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At last week’s reception for the unveiling of Verve, Bridget Riley’s ceiling painting for the British School at Rome, the 92-year-old artist appeared frail yet ebullient. The occasion was a landmark event—the reveal of her first-ever ceiling work, though she has created many monumental murals.
Earlier, Riley had been to visit Michelangelo’s frescoed ceiling at the Sistine Chapel in the Vatican and had the privilege of being taken up the scaffold to see “those Mannerist colours” up close, she told The Art Newspaper. There she had experienced the brilliance of “secondary colours”—acid greens, oranges, lilacs—the impact of which is dazzling, disorientating, and emotive. Prior to Michelangelo’s radical intervention, the Chapel’s vaulted ceiling had been painted, as was tradition, in the intense blues of the skies and heavens, and dotted with golden stars.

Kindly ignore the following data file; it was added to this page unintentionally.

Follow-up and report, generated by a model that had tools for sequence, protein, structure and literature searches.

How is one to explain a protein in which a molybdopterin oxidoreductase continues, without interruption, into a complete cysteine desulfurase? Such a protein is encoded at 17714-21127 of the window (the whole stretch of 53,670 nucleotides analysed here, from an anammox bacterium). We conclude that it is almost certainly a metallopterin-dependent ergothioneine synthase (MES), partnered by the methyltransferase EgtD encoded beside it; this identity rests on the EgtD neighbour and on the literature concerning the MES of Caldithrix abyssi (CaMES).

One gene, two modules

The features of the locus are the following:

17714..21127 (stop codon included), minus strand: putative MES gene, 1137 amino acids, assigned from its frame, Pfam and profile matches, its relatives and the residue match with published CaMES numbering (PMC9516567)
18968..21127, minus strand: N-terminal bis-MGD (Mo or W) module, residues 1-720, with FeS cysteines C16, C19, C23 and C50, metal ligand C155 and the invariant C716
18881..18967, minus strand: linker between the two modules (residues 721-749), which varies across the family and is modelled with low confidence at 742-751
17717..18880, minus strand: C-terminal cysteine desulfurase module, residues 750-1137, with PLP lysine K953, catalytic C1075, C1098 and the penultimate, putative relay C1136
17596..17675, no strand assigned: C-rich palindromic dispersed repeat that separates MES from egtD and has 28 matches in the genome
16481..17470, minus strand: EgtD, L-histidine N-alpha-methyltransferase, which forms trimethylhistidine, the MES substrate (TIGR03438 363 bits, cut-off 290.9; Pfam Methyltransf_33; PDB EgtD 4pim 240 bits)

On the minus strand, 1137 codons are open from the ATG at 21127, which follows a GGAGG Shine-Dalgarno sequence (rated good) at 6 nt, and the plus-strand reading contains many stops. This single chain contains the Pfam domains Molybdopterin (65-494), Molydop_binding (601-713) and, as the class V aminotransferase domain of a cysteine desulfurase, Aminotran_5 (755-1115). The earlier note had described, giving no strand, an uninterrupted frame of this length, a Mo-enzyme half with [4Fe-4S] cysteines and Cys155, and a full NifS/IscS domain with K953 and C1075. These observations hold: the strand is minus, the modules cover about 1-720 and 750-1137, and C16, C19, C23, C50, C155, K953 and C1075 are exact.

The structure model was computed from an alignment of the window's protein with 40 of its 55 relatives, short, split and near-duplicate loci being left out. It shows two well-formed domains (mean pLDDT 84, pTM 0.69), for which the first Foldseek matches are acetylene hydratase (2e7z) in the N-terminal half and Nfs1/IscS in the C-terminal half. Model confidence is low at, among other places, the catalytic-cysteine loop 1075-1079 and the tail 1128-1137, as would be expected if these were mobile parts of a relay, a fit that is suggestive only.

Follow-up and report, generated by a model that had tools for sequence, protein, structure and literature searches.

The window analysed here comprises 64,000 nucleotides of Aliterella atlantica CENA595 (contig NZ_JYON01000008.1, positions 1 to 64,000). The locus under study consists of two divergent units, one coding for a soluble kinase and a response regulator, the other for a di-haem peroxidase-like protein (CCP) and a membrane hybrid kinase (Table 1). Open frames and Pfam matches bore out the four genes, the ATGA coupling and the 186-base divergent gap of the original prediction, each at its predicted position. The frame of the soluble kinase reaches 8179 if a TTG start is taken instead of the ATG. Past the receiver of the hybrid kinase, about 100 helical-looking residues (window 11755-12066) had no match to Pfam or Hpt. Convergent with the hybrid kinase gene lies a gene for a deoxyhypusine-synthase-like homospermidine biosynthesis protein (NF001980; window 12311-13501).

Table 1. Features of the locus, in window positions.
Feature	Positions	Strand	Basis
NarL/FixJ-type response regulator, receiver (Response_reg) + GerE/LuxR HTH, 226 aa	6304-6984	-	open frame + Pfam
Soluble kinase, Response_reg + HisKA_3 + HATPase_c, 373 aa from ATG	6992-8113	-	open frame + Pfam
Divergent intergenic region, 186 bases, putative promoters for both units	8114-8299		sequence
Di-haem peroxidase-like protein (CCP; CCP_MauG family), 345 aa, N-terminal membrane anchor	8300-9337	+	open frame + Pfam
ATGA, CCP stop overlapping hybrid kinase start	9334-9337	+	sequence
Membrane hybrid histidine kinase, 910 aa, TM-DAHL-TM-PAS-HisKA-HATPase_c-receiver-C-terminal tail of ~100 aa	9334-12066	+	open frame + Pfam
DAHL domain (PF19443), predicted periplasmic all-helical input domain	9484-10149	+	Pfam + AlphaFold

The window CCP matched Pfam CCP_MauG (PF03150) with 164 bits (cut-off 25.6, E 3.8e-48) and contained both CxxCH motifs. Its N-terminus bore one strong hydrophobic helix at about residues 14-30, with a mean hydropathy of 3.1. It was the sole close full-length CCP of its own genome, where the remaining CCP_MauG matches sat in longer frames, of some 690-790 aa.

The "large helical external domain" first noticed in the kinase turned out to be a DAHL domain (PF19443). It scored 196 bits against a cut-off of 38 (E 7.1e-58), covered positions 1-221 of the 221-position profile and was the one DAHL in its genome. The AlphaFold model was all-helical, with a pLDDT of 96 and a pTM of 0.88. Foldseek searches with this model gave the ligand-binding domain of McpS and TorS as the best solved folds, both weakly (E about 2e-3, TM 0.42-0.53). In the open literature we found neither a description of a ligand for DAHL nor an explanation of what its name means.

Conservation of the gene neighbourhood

Riley’s ‘blank canvas’ consisted of the elegant barrel vaults of the ceiling of Edwin Lutyens’s entrance foyer to the British School at Rome, the largest fine arts and humanities research institute outside Britain (established in 1901). The magnificent building was originally created as the British Pavilion for the International Exhibition of 1911, complete with Corinthian-style columns and portico, and subsequently leased to the school from 1916. Since then, the building has been developed and extended to include new wings, a library, and purpose-built design studios. The institution first presented Riley’s works in 1996. From 2016, Riley has endowed the school with the Bridget Riley Fellowship, providing a six month-long residency for a young to mid-career artist to develop their work in Rome, with the Villa Borghese gardens and Italy’s National Gallery of Modern and Contemporary Art as their neighbours.